Stand by me—Experiments on help and commitment in coordination games
journal contributionposted on 2019-03-22, 14:32 authored by Jordi Brandts, David J. Cooper, Enrique Fatas, Shi Qi
We present experiments studying how high-ability individuals use help to foster efficient coordination. After an initial phase that traps groups in a low-productivity equilibrium, incentives to coordinate are increased, making it possible to escape this performance trap. The design varies whether high-ability individuals can offer help and, if so, whether they must commit to help for an extended period. If help is chosen on a round-by-round basis, the probability of escaping the performance trap is slightly reduced by allowing for help. The likelihood of success significantly improves if high-ability individuals must commit to help for an extended time. We develop and estimate a structural model of sophisticated learning that provides an explanation for why commitment is necessary. The key insight is that potential leaders who are overly optimistic about their ability to teach their followers are too fast to eliminate help in the absence of commitment.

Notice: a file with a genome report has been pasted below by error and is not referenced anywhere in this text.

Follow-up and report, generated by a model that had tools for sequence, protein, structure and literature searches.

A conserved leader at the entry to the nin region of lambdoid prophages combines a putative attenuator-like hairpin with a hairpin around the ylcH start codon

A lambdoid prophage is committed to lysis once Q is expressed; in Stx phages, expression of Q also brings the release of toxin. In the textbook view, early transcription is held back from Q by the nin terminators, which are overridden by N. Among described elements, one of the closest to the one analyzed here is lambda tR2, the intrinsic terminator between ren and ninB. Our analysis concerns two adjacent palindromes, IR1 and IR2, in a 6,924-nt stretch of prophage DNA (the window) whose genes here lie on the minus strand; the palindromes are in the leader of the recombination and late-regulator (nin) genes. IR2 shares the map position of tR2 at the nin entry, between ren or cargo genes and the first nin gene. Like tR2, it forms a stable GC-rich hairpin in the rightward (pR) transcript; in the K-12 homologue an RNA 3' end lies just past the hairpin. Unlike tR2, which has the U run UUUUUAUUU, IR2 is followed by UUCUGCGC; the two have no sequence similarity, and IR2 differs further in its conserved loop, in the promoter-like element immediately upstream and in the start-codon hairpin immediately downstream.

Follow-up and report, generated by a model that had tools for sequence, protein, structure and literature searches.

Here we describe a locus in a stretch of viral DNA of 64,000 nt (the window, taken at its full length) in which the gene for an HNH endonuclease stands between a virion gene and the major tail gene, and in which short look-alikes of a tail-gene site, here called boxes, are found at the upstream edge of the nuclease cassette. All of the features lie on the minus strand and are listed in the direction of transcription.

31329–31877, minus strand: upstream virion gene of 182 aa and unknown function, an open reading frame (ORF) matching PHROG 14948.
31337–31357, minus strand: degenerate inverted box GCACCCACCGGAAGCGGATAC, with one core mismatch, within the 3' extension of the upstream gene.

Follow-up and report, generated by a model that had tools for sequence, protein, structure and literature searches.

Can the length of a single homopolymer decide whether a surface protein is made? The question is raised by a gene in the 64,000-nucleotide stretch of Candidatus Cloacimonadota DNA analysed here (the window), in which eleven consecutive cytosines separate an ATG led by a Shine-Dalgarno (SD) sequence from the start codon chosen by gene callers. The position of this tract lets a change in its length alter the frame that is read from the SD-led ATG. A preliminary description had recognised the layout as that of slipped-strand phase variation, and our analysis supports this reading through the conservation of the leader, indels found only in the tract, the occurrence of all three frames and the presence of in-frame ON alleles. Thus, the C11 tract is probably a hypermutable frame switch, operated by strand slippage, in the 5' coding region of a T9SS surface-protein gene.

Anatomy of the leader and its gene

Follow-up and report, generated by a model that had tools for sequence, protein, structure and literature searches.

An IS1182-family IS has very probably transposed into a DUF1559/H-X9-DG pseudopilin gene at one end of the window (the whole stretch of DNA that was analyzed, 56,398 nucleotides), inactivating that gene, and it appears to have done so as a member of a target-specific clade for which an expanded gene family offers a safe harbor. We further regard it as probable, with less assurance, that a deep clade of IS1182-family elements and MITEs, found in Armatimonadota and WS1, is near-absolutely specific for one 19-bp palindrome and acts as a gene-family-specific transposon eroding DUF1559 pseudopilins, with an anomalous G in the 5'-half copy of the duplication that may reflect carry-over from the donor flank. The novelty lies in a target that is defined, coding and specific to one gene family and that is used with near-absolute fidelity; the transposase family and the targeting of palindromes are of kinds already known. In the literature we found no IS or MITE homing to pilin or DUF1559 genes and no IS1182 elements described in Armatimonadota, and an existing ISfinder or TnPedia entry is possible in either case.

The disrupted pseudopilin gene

The authors thank the National Science Foundation [SES0214310 and SES-1127704], the Spanish Ministry of Science and Innovation [ECO2014-59302-P], the Generalitat de Catalunya [2014 SGR 510], and the Barcelona GSE Research Network for financial help.
- Business and Economics
Published inManagement Science
CitationBRANDTS, J. ... et al, 2015. Stand by Me—Experiments on help and commitment in coordination games. Management Science, 62 (10), pp.2916–2936.
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